The Trump administration is dusting off Depression-era laws to advance its “America First” agenda. The aptly-named “Buy American” laws require firms to buy U.S. materials when manufacturing military equipment.
In 2013, $20 billion went to foreign entities, roughly 6.4 percent of military spending. That money is spent largely on raw materials like lumber, fuel and construction materials from Canada and other allies. The enforcement of these 80-year-old laws would force the government to spend that money within the states.
While 6.4 percent isn’t a large chunk of total expenditures, the concern is the message it could send to U.S. allies when they are cut out. Bill Greenwalt, a former Defense Department procurement secretary believes that by cutting out allies, the U.S. will spark retaliation legislation. Many nations depend on the U.S. for military goods. Buy American laws could kick off many global domestic purchasing regimes and ultimately hurt U.S. sales abroad.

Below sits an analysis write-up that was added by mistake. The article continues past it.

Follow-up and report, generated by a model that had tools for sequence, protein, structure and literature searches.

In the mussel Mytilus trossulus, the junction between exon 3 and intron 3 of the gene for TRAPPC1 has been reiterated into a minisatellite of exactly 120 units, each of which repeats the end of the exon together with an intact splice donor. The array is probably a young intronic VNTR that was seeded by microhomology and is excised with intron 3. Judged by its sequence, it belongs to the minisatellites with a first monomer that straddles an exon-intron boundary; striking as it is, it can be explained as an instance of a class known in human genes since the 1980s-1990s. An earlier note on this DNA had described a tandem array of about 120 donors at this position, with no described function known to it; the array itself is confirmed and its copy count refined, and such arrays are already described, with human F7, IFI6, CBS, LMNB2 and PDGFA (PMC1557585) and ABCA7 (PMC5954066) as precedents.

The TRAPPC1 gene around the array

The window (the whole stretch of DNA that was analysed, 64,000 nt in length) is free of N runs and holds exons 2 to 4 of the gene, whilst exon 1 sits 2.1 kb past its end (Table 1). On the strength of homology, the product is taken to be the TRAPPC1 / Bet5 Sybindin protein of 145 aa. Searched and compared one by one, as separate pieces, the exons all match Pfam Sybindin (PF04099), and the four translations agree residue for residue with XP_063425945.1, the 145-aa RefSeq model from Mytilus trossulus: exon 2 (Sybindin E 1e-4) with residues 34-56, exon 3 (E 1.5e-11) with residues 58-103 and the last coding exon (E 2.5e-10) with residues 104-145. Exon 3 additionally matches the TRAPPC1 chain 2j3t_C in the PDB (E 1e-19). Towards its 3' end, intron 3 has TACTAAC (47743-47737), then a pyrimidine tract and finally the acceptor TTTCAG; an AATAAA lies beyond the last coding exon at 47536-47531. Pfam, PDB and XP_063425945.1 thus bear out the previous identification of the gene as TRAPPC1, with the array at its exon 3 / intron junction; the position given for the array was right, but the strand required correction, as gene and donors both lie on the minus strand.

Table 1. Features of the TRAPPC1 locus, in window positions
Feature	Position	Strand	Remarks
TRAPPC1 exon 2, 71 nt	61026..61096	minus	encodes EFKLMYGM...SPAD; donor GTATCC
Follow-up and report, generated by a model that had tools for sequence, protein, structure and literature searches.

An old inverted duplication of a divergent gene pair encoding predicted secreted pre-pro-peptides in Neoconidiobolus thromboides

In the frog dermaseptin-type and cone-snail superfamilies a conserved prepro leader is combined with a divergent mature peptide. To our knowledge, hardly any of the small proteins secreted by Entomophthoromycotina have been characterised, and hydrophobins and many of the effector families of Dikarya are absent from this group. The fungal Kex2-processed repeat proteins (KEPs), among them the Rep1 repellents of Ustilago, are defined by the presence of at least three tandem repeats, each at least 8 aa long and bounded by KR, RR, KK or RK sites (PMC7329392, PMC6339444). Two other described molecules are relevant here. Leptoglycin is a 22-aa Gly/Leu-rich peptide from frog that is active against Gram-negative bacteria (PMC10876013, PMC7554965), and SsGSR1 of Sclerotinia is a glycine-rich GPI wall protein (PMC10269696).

Furthermore, those regimes could end up not being specifically military equipment. An domestic purchasing agenda could instigate allies and developing markets to look inward or to each other for goods and put up trading barriers to the U.S. such as quotas and tariffs.
If the U.S. positioned itself to try its hand at grand-scale manufacturing and set up the tariffs favorable to domestic manufacturers, U.S. consumers and developing nations could suffer. For the U.S. consumer, prices of normally imported goods such as clothing, pharmaceuticals and cell phones could increase. Many middle and lower class citizens would feel the strain of these price increases and the overall standard of living would see a decline.
Developing nations could suffer as manufacturing and exporting goods to developed neighbors are one of the biggest staples of economic activity. Favoring domestic production to the purchase of fair trade goods from these nations could stunt their economies and put their citizens at higher risk of falling into poverty.
For both the U.S. and our trading partners, Buy American laws could be a game of mutually assured economic stagnation. Manufacturers and consumers everywhere could feel the burden.
– Thomas Anania